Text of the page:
Tags: , , , , , | Categories: Event Posted by bsstahl on 6/4/2008 10:59 AM | Comments (0)

I would once again like to thank the organizers, presenters and sponsors of Desert Code Camp for giving of their time, effort and funding to support such an outstanding community resource.  Desert Code Camp IV, held yesterday, May 31st at the University of Advancing Technology in Tempe, AZ featured well over 40 sessions on topics such as Agile & TDD, ASP.NET, Flash, Silverlight, iPhone SDK, XAML, Apache, Ruby and much more.  I was fortunate enough to attend 4 of these sessions, all of which were well worth my time in attending.

The first session I attended was "Scrum 101" presented by Dan Weinmann (who I think works for Desert Code Camp sponsor Neudesic but I am not sure because it is not listed in Dan's extremely minimalist bio on the Code Camp website).  Dan spent the first part of the session explaining general Agile concepts which is appropriate for a "101" class, and his explanation was quite solid.  What I was looking for however came in the remainder of the discussion where Dan gave specific examples of how his organization has utilized Scrum as an effective project management methodology.  I found especially interesting the parts where Dan explained how they use Scrum "under the covers" when working with a client who, for whatever reason, will not use Scrum.  I found this similar in a number of ways to how my team currently functions and came-away with several ideas of how we might be able to improve on our current processes.

The next session I attended was "Silverlight Zero to Hero" given by Simon Allardice of Interface Technical Training and gets my vote for the mythical "session of the day" award. This session gets my vote not for the abundant humor, which had the room in stitches and led me to refer to Simon on Twitter as "..the Eddie Izzard of the tech world, without the dress...".  No, this was the best session I attended because of the unique perspective he gave to the topic.  That is, he didn't waste our time by giving us the same overview of Silverlight that we could get in any 10k foot video from the Mix conference.  Instead, we were taken step-by-step through Simon's unique metaphors detailing how we can use the generalized feature-set of Silverlight as well as how it could be used to create Rich Internet Applications that are truly effective in communicating  with the user.  The next time I am looking to take a class, I hope Simon is teaching it. In addition, if anyone is looking to become an instructor, I hope they sit-in on some of Simon's sessions which couldn't help but improve anyone's teaching technique.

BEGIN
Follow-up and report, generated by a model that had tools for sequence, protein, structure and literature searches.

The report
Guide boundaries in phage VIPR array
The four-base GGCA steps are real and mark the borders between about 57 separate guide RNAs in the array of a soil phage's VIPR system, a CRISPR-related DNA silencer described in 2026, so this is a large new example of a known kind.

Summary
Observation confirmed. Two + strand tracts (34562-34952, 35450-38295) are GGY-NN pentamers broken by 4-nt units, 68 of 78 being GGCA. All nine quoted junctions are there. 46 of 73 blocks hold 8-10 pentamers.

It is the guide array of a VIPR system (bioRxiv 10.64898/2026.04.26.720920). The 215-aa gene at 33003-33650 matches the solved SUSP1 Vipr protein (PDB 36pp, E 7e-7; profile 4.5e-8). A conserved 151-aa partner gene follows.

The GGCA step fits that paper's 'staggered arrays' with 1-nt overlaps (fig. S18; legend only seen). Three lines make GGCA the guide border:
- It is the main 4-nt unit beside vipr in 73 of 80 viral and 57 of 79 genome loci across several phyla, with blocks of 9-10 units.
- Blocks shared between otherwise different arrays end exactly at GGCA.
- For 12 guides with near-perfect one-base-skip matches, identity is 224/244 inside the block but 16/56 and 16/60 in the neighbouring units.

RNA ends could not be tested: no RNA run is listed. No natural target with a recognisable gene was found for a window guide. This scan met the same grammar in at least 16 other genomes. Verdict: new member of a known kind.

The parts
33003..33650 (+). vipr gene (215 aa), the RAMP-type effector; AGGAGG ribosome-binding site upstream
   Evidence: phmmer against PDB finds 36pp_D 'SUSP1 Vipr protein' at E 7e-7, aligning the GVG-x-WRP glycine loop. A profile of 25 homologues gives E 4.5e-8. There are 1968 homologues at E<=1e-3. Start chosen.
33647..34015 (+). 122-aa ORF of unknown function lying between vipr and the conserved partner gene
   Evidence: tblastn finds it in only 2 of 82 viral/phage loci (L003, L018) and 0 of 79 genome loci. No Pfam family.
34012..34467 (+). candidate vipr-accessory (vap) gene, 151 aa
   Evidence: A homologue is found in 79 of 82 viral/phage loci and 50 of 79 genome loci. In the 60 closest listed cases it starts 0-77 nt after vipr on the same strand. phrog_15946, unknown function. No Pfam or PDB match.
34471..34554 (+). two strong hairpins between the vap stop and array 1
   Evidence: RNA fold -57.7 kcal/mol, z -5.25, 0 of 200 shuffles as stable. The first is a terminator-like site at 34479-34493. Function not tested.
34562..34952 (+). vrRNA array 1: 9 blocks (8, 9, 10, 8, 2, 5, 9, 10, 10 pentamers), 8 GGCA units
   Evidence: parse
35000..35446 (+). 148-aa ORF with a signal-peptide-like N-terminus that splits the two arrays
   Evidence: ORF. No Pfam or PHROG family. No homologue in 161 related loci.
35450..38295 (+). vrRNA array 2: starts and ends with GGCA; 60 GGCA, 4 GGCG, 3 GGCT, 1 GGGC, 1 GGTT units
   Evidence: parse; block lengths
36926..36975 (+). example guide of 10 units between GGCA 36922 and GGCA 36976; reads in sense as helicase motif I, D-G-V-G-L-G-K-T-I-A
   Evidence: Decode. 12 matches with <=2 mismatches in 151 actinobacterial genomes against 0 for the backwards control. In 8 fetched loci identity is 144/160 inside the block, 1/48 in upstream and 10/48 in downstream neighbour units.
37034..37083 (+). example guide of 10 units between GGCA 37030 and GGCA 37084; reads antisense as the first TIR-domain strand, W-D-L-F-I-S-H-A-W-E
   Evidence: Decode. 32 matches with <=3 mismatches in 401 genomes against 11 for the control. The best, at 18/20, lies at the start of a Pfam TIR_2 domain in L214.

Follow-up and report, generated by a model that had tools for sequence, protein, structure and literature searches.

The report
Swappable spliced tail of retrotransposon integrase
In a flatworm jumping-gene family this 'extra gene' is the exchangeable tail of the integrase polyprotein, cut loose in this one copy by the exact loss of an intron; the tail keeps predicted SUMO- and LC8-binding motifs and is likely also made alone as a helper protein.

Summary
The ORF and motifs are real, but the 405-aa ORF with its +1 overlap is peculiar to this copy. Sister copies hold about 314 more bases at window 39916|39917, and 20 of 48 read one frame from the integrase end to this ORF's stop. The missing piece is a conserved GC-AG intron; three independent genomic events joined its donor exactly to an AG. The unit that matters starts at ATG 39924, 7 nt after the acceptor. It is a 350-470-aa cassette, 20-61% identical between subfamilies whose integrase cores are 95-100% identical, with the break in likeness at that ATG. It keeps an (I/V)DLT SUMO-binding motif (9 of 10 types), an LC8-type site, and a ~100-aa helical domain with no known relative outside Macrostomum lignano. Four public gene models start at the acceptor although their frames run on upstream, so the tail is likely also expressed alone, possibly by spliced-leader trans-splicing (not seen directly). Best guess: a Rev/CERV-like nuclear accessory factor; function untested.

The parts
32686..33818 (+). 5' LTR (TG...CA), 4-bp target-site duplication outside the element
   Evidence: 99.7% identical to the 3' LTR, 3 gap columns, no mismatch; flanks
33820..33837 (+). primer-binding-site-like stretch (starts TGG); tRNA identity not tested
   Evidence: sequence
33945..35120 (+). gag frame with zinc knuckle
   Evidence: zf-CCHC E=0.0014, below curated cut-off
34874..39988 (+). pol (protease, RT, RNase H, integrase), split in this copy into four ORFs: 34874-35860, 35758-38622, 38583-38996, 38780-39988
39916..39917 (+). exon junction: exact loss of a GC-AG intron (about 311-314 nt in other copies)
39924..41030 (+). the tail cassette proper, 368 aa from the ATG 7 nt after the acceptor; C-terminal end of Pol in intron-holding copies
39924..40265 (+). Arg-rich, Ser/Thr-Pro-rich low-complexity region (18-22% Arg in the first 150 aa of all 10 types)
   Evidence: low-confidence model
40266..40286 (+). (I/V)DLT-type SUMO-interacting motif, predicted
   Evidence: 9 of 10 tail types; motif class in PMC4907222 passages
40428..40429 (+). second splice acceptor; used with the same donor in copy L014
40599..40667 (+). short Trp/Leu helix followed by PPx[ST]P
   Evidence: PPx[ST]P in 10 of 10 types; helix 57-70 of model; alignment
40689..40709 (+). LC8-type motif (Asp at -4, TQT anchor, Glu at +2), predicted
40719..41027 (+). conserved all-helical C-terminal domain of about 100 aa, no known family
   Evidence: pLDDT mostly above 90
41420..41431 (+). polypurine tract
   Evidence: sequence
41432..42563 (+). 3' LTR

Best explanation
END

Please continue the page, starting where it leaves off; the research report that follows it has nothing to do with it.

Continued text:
My third session was "integrating Data with Silverlight 2.0 Applications" presented by Simon's colleague at Interface, Dan Wahlin. Dan, who described himself as "...not funny like Simon...", certainly had his moments, especially when he (unintentionally?) made a comment about some of his demo data to the effect of "...there are Johns in the room...nothing wrong with Johns."  Dan's wife was videotaping at the time, I hope that clip ends up on YouTube.    Regardless of the humor factor, this presentation as well was full of useful specifics on binding Silverlight 2.0 apps to data services including both SOAP and RESTful services.

Finally, I attended a preview by Scott Cate of MyKB of his TechEd presentation next month called "C# 3.5 Compiler Tricks".  This session provided me with some fascinating insights into the workings of the C# compiler, including several situations where the compiler uses "syntactical sugar" to provide constructs that compile to .NET 2.0 IL code and have no dependencies on .NET 3.0 or 3.5 libraries.  In these cases, it is possible to use these constructs in Visual Studio 2008 (or more specifically, when using the C# 3.5 compiler) even when targeting the .NET 2.0 framework.  I was also fortunate enough to be able to spend some very enjoyable time with Scott after the session, discussing his most recent project, EasyDB.com.  Scott set me up with access to the service beta and I spent the rest of the afternoon working with this fantastic "SQL in the Cloud".  I will be blogging about this application and my experiences with it much more in the near future.

Again thanks to everyone who helped to make this event happen.  Sponsors that I haven't mentioned yet who also deserve props for their support include Infusionsoft and JumpBox.